11. 11. Examples of disruptions 11 UK: 35 per cent of jobs are at high risk of automation (Osborne, Frey, Deloitte, 2014) Resilience against computerisation: •Creativity •Social intelligence •Perception and manipulation
  12. 12. Scenario 3: Skills Activism 12 Innovation in technology drives automation of professional work, leading to large-scale job losses and prompting an extensive government-led skills programme Key Elements • Steady incremental economic growth after a slow recovery process from 2008/9 crisis. • Tech innovation hollows out professional work • Government proactively provides skills support • A project-based economy develops • Health and social sector and micropreneurism offer job opportunities Implications for Skills • Learn new skills quickly • Creativity and problem solving skills • Cross-discipline skill-sets • Data management, analysis and visualisation skills • Decreased demand for some professional skills
  13. 13. Scenario 3: Skills Activism Short Vignette: Meta-Accountability Quality Assurance by MGPC Key implications Recombination with technical validation skills demographics; micropreneurism Rise of the cyber doc Smart factories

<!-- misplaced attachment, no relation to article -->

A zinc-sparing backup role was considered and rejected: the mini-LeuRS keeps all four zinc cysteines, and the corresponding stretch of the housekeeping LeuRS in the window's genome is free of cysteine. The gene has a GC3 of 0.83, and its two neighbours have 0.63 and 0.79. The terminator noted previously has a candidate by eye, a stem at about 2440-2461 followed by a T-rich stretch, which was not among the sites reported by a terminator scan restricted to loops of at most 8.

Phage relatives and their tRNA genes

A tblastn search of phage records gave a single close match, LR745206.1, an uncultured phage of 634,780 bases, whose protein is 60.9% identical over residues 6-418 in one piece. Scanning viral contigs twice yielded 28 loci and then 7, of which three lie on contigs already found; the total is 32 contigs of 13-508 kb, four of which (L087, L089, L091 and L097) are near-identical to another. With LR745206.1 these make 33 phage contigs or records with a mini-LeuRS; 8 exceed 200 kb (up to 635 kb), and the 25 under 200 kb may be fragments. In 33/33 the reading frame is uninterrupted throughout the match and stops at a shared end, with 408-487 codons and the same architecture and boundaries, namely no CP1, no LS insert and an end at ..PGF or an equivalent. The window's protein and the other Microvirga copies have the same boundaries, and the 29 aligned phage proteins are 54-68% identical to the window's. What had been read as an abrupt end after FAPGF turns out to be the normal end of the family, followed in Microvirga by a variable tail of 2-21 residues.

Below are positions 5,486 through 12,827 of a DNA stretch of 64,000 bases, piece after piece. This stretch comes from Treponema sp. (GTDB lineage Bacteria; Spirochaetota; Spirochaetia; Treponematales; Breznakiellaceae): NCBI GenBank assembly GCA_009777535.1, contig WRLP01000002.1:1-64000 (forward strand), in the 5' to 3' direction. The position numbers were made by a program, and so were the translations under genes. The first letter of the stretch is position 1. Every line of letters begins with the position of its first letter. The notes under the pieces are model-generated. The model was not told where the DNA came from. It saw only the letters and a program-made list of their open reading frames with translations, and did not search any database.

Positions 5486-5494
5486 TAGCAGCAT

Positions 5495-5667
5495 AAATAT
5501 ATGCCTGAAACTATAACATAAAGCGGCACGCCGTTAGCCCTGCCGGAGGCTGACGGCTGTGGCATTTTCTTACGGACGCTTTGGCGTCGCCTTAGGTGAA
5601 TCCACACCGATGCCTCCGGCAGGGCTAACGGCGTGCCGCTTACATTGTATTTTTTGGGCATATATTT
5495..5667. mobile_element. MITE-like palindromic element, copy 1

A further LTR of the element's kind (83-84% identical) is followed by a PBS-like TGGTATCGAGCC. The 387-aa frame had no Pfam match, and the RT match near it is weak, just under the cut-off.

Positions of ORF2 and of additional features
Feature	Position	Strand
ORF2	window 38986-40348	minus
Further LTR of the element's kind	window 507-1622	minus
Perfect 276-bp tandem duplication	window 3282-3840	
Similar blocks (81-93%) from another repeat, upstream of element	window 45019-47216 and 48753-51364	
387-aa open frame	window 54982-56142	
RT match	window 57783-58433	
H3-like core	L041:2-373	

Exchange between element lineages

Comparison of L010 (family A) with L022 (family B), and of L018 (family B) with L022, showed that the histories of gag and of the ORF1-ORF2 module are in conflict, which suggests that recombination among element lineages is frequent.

14. 14. Key messages 14
  15. 15. Key messages 15
  16. 16. Some implications for Universities 16 • Four generational workplaces – significant opportunities • Automation/computerisation: threats and opportunities • Core skills + interdisciplinary • Project and networking skills • Business model innovation? Delivery, MOOCs and beyond • Specialisation vs. diversification: the importance of related variety
  17. 17. 17 Reports https://www.gov.uk/government/publications/jobs-and-skills-in-2030

Editor's Notes

  • Frey and Osborne (2013) developed methodology to assess susceptibility of computerisation, applying it to US data set with 702 occupations (SOC). Approx 47 per cent of US employment is at risk of computerisation over the next decade or two

    Frey and Osborne, Deloitte (2014) similar study for the UK. 35 per cent of jobs are at high risk of automation, 43 per cent at low risk

    Finland: 2014 study (ETLA) suggests one third of jobs is susceptible to computerisation in the next 10-20 years

    Creativity, social intelligence, perception and manipulation tasks